Hi. Welcome to Lesson 6 of Trail Safe, Situational Awareness. In Lesson 5, we saw how different levels of stress can affect the way we process information. The key to situational awareness lies in our ability to effectively process information. So let's look now at the components of situational awareness and the core objectives of Lesson 6.
Situational Awareness involves being aware of what is happening around you in order to understand how information, events, and your own actions will impact your goals and objectives, both now and in the near future. Here in Lesson 6, we'll discuss the concept of mental models, and the importance of having a shared mental model when working with others. We'll identify and list individual and team strategies to maintain situational awareness, and we'll describe skill and complacency errors and list personal strategies to combat them.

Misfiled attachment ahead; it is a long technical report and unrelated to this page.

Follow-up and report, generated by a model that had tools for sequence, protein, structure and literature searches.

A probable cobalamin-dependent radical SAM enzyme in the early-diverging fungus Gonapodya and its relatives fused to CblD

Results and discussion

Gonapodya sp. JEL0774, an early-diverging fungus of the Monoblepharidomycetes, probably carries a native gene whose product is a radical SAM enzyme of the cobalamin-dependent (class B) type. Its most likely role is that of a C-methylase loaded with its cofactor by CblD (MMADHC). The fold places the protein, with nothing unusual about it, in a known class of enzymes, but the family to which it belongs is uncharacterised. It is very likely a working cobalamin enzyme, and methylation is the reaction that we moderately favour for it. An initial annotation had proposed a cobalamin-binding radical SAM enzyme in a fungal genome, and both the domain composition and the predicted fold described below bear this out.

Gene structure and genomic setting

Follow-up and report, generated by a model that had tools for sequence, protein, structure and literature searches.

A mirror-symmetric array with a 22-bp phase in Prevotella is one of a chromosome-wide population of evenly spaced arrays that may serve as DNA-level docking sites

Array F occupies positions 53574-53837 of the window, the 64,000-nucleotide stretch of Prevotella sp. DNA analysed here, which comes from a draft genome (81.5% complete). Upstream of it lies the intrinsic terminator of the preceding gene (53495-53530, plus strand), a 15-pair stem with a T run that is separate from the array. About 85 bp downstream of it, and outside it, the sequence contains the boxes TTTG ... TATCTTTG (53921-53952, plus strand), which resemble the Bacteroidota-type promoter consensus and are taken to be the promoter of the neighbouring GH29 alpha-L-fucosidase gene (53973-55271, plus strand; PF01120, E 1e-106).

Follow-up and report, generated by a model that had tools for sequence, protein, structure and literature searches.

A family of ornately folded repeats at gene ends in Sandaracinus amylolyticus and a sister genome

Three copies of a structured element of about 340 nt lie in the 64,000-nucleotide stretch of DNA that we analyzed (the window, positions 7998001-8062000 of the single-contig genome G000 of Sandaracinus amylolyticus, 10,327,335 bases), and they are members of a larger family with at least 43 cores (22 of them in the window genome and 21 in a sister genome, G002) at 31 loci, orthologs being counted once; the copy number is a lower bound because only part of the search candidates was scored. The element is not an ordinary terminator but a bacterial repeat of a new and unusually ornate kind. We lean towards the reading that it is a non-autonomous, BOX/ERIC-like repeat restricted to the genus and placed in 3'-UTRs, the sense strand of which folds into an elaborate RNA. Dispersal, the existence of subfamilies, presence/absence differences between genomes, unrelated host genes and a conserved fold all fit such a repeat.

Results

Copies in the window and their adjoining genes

A mental model is a picture in our mind of the current situation we perceive. We make decisions based on this perception. Mental model is composed from bits and pieces of information we gather and store in our memory. We retrieve the pieces when they're needed to reconstruct the picture. But the mental model picture we construct in our minds is not like a picture from a camera. It isn't an exact representation like a photograph. It's only enough bits and pieces of information to form a mental model that satisfies our perception of the situation.
Our brains fill in the missing parts automatically based upon our past experiences. Mental models are so basic to our understanding of the world that we hardly are conscious of them.
Let's conduct a little experiment that demonstrates the concept of a mental model. I want you to go find a piece of paper and pencil and when I say go, pause this slide show for one minute, and I want you in that one minute, to all draw me the heads side of a penny. No fair going out and finding one to copy from. You have to do this from memory. One minute to draw a penny.. Ready. Go.